By way of illustration, Leontiev (1981 in Bennett et al. 2014: 598) evokes an example of a primeval hunt. The hunt is an activity in which there is a common shared objective of hunting prey so that it can be converted to food or clothing serving the purposes of the community. Although some of the hunters frighten the prey, and others catch it and kill it, there is a common goal for the whole activity, which gives meaning to their actions. The hunters are the subject of the activity and their object is to catch the prey. The tools they use are both physical (tools for hunting) as well psychological (understanding how to conduct the hunt). There are historically and culturally derived rules for hunting to be followed, and there is a strict division of labour. Any change within the system, according to Engestrӧm (2009: 55), may lead to tensions and conflicts between the elements of the activity system. This may not necessarily be something negative but may lead to improvements and drive growth within the system.
In the study reported below, ASA has been chosen in order to explore the complex learning environment of SA which is ever-changing and evolving. The subject, a female sophomore taking part in the Erasmus+ exchange, lives in a community whose participants achieve goals in various social activities. These activities are shaped by social, cultural and historical influences. The potential tensions and contradictions may lead to learning and change; the change can then lead to other tensions and contradictions, which can again be seen as opportunities for development. Following Smolcic (2013: 80), tensions have to become visible in order to act as drivers for change. An individual subject working towards change has to become conscious of them. This important step allows for locating the conflict, and then removing or resolving it.
Thus, in order to function successfully in a foreign environment, the subject of the present study has to become aware of any emerging tensions, e.g. cultural diversities between their mother and the host culture or her inadequate foreign language proficiency. Only then can she work towards minimising these tensions. The immersion context of the study will allow for showing how contradiction leads to learning and development and how disequilibrium stimulates transformation. Yet, it has to be borne in mind that the subject is always conditioned by her past experiences (be it cultural background, be it willingness to communicate or the strength of her motivation), as well as the mediational means at her disposal (such as the teaching materials or the participants of the community present in her learning milieu).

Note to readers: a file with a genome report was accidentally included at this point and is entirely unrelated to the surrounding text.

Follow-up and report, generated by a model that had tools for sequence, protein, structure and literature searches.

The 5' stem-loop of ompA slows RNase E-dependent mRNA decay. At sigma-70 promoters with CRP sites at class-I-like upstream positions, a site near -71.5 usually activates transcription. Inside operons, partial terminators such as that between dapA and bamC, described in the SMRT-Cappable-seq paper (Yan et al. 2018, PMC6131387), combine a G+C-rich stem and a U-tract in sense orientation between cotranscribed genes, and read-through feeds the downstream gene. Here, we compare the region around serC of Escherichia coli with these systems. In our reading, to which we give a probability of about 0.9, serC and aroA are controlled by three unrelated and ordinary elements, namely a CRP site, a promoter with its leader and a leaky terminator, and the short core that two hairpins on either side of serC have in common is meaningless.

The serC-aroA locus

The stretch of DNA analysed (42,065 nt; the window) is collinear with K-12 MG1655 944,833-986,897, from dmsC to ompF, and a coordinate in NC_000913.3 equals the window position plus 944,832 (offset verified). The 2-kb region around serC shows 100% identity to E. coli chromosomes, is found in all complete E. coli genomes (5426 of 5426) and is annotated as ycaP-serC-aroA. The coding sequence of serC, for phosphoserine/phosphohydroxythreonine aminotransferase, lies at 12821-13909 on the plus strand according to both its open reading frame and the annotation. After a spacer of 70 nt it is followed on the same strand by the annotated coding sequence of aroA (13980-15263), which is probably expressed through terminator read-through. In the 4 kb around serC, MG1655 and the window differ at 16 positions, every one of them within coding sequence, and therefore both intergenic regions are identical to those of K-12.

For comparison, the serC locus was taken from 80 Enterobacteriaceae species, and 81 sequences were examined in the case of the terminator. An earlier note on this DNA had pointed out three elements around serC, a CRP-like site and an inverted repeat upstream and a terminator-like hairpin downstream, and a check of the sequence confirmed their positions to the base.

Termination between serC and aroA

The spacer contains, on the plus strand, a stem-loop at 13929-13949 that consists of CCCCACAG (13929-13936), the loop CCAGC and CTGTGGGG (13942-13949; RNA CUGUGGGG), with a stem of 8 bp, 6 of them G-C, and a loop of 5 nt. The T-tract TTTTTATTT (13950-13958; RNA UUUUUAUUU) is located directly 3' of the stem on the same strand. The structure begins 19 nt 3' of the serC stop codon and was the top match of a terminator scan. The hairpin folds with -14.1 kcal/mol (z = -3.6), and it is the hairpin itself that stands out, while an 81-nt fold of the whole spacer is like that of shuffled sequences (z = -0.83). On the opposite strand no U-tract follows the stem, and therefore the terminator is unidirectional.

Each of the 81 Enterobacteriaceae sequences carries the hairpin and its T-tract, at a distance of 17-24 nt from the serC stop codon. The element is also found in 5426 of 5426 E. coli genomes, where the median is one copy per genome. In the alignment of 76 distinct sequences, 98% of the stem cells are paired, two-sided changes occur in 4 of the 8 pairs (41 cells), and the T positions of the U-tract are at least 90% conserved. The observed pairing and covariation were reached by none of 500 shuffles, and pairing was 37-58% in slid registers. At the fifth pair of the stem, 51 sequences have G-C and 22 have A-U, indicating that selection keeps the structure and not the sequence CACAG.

The present study was based on a case study, and its primary aim was to identify the tensions and contradictions experienced by a study abroad participant, Joanna, which provided her with opportunities for expanding her intercultural competence and develop her foreign language skills. More specifically, the study involved activity systems analysis for obtaining a clearer picture of Joanna's situation in the international field experience as well as for providing the reader with key data of this complex learning environment in a neatly-organised model. Apart from these two primary aims, the objective was to obtain a better insight into the general needs of border crossers, which in the future might add to creating better pre-sojourn training programmes.
Joanna (name changed to ensure anonymity) was an undergraduate chemical technology student, aged 23, taking part in a semester-long Erasmus+ student exchange programme in Lisbon, Portugal. At the onset of the study in September 2015, Joanna was a student at University of Technology (Politechnika Poznańska) in Poznań, Poland, with no work experience and very little stay abroad or cross-cultural experiences. She was of Polish origin with a relatively long history of learning English as a foreign language (about 700 hours over 6 years) and even a longer record of learning German (over 1000 hours over twelve years). Despite this record, Joanna claimed to be more fluent in English as she did not have many opportunities to use German in practice. In her secondary school, Joanna has also learnt French at a beginner level for one year. Although she claimed she was unable to speak French, the rudiments of the language helped her in learning Portuguese during her stay abroad.